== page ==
Regulatory Role of TOR Enzyme on Cellular Metabolism and Morphological Transformation in Naegleria Amoeba

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Anushkaa Parwade
Yoshi Odaka


Record ID: 259

Mentorship Award: Excellence in Research Mentoring

Type: Podium Presentation (in-person)

Advisor: Yoshi Odaka

Abstract: Naegleria fowleri is a pathogenic unicellular protist free living ameba commonly found in warm freshwater. Depending on the environment, it undergoes three stages of life cycle - trophozoite (infectious), flagellate (motile), cyst (dormant). The trophozoite form infects the central nervous system by entering the brain through the olfactory nerve in the nasal cavity, causing primary amoebic meningoencephalitis (PAM). The infection is rapid and fatal, with a mortality rate of 97%. Our central idea is to promote cyst formation in Naelgeria, followed by targeting drugs to treat PAM. In this study, regulatory role of target of rapamycin (TOR) kinase in Naegleria gruberi, a non-pathogenic species, was assessed. Phosphoproteomics analysis identified phosphorylation of glycolytic enzyme enolase and enolase-associating proteins when TOR was activated, making it an attractive candidate as a downstream target of TOR. Therefore, GFP-tagged Naegleria enolase was engineered and expressed in N. gruberi and murine MK4 cells, and subsequently, point mutations were introduced to the TOR-sensitive phosphorylation sites. We are currently investigating the effects of the mutations on enolase subcellular localization.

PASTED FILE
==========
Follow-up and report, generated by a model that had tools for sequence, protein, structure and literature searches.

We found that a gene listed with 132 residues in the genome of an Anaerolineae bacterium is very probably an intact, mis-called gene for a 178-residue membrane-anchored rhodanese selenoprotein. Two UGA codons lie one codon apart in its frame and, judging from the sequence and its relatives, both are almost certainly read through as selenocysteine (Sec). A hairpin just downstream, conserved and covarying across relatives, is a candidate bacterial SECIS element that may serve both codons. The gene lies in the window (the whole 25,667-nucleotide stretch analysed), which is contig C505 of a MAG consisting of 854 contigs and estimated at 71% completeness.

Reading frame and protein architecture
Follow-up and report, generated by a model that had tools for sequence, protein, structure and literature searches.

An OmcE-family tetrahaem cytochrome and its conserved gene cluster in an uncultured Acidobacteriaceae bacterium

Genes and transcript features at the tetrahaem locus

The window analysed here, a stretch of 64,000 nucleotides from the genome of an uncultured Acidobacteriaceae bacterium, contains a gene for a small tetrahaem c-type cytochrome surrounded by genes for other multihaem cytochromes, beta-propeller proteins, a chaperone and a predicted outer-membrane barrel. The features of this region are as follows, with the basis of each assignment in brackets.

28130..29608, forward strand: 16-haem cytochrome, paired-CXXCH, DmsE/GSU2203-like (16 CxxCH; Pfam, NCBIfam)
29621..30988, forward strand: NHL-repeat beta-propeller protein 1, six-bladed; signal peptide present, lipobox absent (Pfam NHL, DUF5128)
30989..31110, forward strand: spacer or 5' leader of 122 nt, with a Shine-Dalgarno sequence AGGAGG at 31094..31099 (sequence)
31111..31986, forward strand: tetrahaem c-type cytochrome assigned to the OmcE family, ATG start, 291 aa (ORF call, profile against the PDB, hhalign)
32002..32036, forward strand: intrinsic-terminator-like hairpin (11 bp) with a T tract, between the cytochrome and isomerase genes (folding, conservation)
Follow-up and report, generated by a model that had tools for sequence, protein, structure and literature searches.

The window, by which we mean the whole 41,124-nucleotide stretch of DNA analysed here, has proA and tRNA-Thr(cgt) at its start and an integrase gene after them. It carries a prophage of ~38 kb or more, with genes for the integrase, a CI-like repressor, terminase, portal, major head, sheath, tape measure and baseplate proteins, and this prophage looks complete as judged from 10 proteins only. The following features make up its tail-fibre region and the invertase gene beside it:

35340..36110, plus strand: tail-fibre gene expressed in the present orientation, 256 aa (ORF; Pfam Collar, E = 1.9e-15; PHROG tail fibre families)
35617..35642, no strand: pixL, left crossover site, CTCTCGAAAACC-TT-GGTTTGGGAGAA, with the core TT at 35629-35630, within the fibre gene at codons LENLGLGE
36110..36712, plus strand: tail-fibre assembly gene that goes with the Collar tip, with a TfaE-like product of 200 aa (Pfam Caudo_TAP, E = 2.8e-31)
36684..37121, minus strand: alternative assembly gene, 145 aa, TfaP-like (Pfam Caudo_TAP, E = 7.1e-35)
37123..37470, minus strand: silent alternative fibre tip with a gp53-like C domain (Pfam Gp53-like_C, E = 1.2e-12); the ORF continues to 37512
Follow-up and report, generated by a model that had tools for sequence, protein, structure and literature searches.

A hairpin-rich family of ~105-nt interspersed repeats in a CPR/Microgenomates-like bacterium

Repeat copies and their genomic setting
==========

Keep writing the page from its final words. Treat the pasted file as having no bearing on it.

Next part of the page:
Article Details

Category: Exploring Beyond
Author Biography

Anushkaa Parwade, University of Cincinnati

Major(s): Biological Sciences